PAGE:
Journey to the Summit
Follow us on our Journey
Journey to the Summit
Soon after you leave the station in Llanberis, your train will begin its climb to the summit of Yr Wyddfa, a journey experienced by some 12 million intrepid travellers since 1896. These ancient Snowdonian mountains, thrust upwards by volcanic forces 450 million years ago, once grew to heights of 10,000 metres. Over eons the wind and rain and successive ice ages have sculpted them to their current form; with Snowdon being the highest peak in England and Wales.
Your Journey Begins
Your journey starts at our station in the lakeside village of Llanberis. Here you can collect your tickets for your journey on our unique Victorian railway which climbs 4.7 miles (7.6 km) to the Summit of Snowdon, the highest peak in Wales.
Soon after your train leaves Llanberis station the track crosses the first of two viaducts across the Afon Hwch river, and you will see a wonderful view of the waterfall plunging into the gorge below.
You’ll soon pass by Waterfall station; the building here was originally a cottage residence once occupied by a local family. It was built to allow visitors to use the train to travel to the spectacular waterfall nearby. A short distance from Waterfall station is a bridge over the river which marks the start of the mountain.
The train next passes Hebron Station, named after the nearby Hebron Chapel. In 1833 poor families in this valley joined together and, from the wages they earned working in the local slate quarries and off the land, raised enough money to build themselves a chapel – their spiritual and cultural centre until 1966. It had originally been hoped that agricultural traffic could be carried to and from this station.
The large, ruined farm of Helfa nestles at the bottom of Cwm Brwynog, or Valley of Reeds. No one knows its real history. It might have once been a place for herding sheep or a hunting lodge – hunting wild boar was once common in the area.
As the train climbs higher and emerges from the viaduct, far in the distance Moel Hebog can be seen rising above the village of Beddgelert. It means Hill of the Falcon and is one of the many Snowdonian homes of the Peregrine Falcon, the world’s fastest animal. To its north is a cave where it is believed that Owain Glyndwr, the leader of the last Welsh rebellion against the English, lies waiting to rise and lead his people once more.
Halfway station is close to the Halfway House Café on the nearby Llanberis Path. Beyond the café rises the black volcanic rock face of Clogwyn du’r Arddu. It was here that the world’s first recorded rock-climb occurred. In 1798 two men climbed the rock face in search of unusual Alpine plants and ferns.
As the train leaves the fertile bowl of the green valley below, it approaches a dramatic, rock-littered landscape unchanged for 10,000 years. Rocky Valley Halt, consists of a narrow platform sheltered by a rocky outcrop to the east. Immediately beyond the platform the line joins the exposed ridge on which it runs for about half a mile (0.8 km).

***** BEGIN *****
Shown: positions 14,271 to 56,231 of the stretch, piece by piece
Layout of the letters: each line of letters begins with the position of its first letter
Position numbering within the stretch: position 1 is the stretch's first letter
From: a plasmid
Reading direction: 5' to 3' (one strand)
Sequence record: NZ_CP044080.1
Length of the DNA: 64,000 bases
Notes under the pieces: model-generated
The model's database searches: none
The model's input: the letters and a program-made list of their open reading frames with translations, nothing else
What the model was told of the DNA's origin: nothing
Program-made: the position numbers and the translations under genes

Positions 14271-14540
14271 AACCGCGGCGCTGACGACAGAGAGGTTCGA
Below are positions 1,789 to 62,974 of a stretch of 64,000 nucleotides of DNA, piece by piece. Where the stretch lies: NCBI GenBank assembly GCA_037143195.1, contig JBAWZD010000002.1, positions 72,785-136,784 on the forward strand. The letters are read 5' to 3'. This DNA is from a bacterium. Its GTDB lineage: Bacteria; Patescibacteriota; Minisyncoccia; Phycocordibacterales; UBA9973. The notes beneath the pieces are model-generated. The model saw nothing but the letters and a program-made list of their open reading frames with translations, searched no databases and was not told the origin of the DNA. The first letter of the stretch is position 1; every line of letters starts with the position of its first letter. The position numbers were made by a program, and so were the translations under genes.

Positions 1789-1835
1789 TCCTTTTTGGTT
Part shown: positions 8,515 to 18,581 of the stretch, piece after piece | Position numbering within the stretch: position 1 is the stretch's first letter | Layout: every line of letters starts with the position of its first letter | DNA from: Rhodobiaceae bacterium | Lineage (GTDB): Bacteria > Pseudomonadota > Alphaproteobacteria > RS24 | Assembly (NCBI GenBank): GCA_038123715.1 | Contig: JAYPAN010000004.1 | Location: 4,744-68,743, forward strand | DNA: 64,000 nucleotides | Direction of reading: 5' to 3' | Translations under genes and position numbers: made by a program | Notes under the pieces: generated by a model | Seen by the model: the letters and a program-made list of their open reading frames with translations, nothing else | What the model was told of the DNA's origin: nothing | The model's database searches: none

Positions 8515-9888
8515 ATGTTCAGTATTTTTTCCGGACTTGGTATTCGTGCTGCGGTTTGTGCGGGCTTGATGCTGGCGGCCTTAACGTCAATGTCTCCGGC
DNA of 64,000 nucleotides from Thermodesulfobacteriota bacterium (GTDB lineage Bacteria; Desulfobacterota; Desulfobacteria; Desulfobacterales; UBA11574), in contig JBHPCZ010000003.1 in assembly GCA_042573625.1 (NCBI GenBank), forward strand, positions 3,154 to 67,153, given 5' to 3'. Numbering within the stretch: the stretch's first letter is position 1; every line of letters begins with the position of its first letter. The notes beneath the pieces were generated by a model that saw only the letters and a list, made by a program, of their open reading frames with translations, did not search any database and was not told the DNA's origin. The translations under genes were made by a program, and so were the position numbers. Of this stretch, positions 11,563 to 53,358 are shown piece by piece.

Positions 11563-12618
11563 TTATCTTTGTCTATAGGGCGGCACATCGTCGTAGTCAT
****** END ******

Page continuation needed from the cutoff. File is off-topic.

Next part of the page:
Clogwyn Station is as high as the trains can go in early spring, when ice or snow prevent trains from reaching the Summit. Located on an exposed ridge, overlooking Llanberis Pass and Clogwyn Du’r Arddu cliffs. Nearby lies a group of huge boulders that once tumbled from cliffs above and are rumoured to be the home of a witch named Canthrig Bwt who would try to catch children climbing on the rocks.
Yr Wyddfa - ‘Grave of the Giant’
Yr Wyddfa is the name of the final peak of Snowdon. In Welsh it means ‘Grave of the Giant’, and it was here that the giant, Rhita Fawr, lived. To ward off the mountain’s bitter winds, he’d cut off the beards of passing men and weave them into a cloak. He tried this on King Arthur, much to Arthur’s annoyance, so he chopped off the giant’s head. The body fell, and legend has it that the villagers covered it with rocks to form the mountain’s peak.
The Summit Station, only 68 feet (21 metres) below the peak itself, has two platforms with direct access to Hafod Eryri, the summit building and visitor centre. From here it is just a few short steps up to the summit and a spectacular view across North Wales.
At the Summit one of the world’s great panoramas is revealed, and you may see the five great kingdoms – Wales, England, Scotland, Ireland – and the kingdom of Heaven.
Around 20% of the Snowdonia National Park is specially protected by UK and European law, which helps to conserve the animals and plants found on Snowdon.
A charming and delicate Alpine flower, the Snowdon lily is known as brwynddail y mynydd, which means ‘rush-leaves of the mountain’.
Snowdonia is home to many Arctic Alpine plants. These include Alpine meadow-grass, tufted saxifrage, Alpine saxifrage, Alpine woodsia and Alpine cinquefoil.
Birds frequently spotted in the area include the peregrine falcon, meadow pipit, wheatear, raven and ring ouzel.
Snowdonia is also the UK’s main population centre for chough, a rare member of the crow family, instantly recognisable to the seasoned bird watcher because of its distinctive vocalisations and red beak.
Mammals living on the mountain include feral goats, otters and polecats. It is also thought that pine martens still live in the area, with sightings reported periodically.
If you do visit Snowdonia, make sure you keep a watchful eye out for the Snowdon beetle – also known as the rainbow leaf beetle. The entire adult population is thought to amount to just 1,000, so if you do get to see one consider yourself very lucky.